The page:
Log cabins have been around for hundreds of years. The first cabins were created in the Scandinavian countries, and it was settlers from these countries that first brought the look and style of the log cabin to America.

Over the years, log cabins have changed considerably. While they were originally created using one of a few limited styles, now a log home can be built or created using a variety of methods and materials.

Log Cabin Construction Styles and Types

When deciding whether a log home is right for you, it’s important to take a look at the various construction styles and types to get a better understanding of what they entail.

Full Scribe

A Complete Breakdown of Log Cabin Construction Styles and Types 1

One of the first methods of building a log cabin, which is still used today, is the full scribe method. In this method, the logs are stacked on top of one another horizontally. The logs are milled or cut to sit tightly against one another without gaps. 

This home will have little to no frame, and the logs will be seen both inside and out. Over the first few years, the logs will settle and shrink, so adjustments will be needed to keep the joints tight. No insulation is used with this type of build, so it’s important to monitor the joints to make sure they remain tightly secured together to keep air gaps from forming. 

Chink

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Another older method of log cabin building is the chink method. This method also uses full logs stacked on top of one another, but in this case, the logs are not joined or fitted together. Instead, the gaps between the logs are filled with some kind of mortar known as chink. 

Chinking may need to be reapplied after the first few years when the home has had a chance to settle, in order to keep it at its most air and watertight. This method can be slightly easier to build, because the logs don’t need to be scribed to one another prior to building.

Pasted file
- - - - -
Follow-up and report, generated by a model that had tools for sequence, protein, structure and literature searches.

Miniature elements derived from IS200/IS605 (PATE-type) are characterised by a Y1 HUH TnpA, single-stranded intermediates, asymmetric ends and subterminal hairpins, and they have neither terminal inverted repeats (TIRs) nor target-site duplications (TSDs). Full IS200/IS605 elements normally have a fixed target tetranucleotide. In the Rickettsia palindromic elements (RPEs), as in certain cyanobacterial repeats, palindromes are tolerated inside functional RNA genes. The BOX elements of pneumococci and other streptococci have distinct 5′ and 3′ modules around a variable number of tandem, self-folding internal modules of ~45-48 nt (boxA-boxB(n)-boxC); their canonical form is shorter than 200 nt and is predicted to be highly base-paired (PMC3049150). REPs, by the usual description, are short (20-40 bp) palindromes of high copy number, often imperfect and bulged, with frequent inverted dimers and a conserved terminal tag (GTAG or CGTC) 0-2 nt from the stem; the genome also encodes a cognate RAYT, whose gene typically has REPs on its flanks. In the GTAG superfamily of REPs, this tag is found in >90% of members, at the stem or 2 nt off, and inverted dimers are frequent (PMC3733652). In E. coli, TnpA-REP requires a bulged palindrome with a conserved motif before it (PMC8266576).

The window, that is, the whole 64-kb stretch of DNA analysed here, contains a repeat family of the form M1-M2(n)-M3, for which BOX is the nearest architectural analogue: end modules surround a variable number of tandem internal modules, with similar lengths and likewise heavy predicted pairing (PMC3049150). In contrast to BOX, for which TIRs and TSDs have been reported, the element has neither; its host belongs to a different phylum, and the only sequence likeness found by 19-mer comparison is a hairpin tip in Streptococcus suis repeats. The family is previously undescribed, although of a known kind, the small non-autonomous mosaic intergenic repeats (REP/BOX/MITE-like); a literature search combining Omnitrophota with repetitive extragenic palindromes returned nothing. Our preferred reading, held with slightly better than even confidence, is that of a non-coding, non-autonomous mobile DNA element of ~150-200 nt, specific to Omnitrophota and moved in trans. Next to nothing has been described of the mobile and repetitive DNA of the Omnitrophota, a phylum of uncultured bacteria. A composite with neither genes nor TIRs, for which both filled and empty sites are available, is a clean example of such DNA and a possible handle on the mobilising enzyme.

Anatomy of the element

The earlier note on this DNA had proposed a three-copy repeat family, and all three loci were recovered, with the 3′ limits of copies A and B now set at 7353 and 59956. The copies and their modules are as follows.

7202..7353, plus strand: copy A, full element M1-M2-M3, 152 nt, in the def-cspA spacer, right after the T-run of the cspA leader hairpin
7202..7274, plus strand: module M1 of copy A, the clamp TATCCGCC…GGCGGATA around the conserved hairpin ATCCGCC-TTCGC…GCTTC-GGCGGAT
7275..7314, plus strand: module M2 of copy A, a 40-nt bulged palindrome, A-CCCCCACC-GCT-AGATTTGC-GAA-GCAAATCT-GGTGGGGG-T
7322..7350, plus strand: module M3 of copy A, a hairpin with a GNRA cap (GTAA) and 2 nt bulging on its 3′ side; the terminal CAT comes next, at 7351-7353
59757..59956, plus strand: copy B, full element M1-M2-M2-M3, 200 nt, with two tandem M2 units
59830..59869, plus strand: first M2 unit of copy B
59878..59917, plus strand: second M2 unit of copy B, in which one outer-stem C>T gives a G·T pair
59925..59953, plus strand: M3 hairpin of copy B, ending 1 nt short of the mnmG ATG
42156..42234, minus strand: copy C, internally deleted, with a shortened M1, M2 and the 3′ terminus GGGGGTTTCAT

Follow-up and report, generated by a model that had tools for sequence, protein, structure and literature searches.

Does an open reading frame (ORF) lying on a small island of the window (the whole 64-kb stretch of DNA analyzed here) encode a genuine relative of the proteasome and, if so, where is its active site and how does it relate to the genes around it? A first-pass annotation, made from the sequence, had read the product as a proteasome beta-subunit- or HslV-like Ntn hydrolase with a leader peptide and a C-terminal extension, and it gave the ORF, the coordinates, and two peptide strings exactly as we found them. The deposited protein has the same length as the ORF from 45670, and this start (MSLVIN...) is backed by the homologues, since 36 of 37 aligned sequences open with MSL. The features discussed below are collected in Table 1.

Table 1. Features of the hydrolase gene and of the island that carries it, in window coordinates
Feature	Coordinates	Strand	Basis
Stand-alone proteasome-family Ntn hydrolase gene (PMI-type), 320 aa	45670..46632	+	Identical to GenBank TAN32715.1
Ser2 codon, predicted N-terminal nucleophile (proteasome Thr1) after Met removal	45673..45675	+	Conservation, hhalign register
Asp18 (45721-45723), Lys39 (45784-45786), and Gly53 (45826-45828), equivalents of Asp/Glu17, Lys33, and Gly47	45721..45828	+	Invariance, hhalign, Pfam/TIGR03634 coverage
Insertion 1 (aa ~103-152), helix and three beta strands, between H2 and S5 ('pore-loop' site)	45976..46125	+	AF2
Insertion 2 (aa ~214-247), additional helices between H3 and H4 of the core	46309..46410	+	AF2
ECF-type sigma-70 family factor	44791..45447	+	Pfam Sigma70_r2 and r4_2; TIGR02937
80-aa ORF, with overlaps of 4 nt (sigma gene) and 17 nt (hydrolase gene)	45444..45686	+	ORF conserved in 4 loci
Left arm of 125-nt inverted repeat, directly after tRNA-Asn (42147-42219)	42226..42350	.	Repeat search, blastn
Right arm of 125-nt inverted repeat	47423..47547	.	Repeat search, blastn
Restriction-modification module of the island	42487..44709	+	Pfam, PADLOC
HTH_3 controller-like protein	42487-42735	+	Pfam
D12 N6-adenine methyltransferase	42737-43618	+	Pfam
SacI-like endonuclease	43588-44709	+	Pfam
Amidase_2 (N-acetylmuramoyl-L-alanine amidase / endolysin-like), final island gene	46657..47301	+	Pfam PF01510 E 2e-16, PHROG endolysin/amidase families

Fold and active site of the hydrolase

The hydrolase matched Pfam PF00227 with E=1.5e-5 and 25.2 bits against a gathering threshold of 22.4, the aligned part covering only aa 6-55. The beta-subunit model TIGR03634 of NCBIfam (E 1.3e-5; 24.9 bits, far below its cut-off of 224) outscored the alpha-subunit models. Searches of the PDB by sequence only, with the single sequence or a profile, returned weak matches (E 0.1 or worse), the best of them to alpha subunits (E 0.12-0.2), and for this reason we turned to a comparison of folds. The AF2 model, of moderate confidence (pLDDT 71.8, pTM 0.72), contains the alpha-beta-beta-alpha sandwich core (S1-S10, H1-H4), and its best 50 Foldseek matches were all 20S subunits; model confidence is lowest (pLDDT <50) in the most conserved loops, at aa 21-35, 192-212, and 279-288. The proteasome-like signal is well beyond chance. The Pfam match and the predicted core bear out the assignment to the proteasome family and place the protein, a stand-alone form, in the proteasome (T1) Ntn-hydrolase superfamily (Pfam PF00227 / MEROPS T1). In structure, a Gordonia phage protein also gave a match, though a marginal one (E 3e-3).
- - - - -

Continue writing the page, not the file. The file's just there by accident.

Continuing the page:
Post and Beam

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In a post and beam log home, vertically placed logs are used to hold larger horizontal logs in sections. This method uses fewer logs than full scribe or chink style homes, so it’s more cost effective. The areas between the logs are filled in, usually with some kind of traditional stick-built frame. The exterior may then be finished with half logs, timber, or other materials. This type of home is usually also lower in maintenance than a full scribe or chink style home as well, because there’s less shrinking and settling over the first few years. 

Timber Frame

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Timber frame log homes are built in much the same way that a post and beam home is built. The difference is that instead of using rounded logs for the frame, the logs are squared off. There are no settling issues, and the home is typically easier to build. You can use any type of siding on the exterior. It’s possible to use half logs to create the look of a log cabin or to use another type of siding, such as shiplap or horizontal Dutch lap siding instead. 

Corner Post

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If building a log home using either the chink or full scribe method of construction, you have choices as to what to do with the corners of the home. There are several options when using full logs including dovetailing the logs together, saddle notching them, or allowing them to butt and pass.

However, there is another method of construction as well, called the corner post. In this instance, full logs are used to create the walls and frame of the home, either full scribed or chink. The difference is that squared off posts are used on the corners to frame the edges of the home and to give the logs a natural place to end at the corners. The logs are fixed to the post at the corners, creating a stable design with a clean, more finished edge.

Hybrid

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It’s also very common to use half logs, quarter logs, log veneer, or log-look siding to get the appearance of a log home. Sometimes these methods can be used with a post and beam or timber framed log home, giving the exterior a finished appearance that makes it look like a full scribe home, but without the maintenance. 

These materials can also be used on any stick-built home to give it the look of a log home as well, by installing over the exterior in place of other types of siding. These methods can be used to create a hybrid style home, one that has all the looks and charm of a log cabin, but with the ease of building of a traditional stick-built home.

When choosing log-look siding, it’s important to remember that using a half log will have many of the same issues of a full scribe; the half logs could shrink, and require adjustment. They’ll also require maintenance to keep them looking their best.

An alternative would be to use a steel, log-look siding. Steel siding is highly durable, and won’t expand and shrink like half logs. It’s very low maintenance and is backed by insulation, so it will make your home more comfortable as well. With steel log-look siding you can get the hybrid style, with more benefits than wood facing.

Build Your Ideal Home

Log homes and log cabins definitely have a unique style and charm. Consider the different methods of building or retrofitting to get the look that you want, and build your ideal home.

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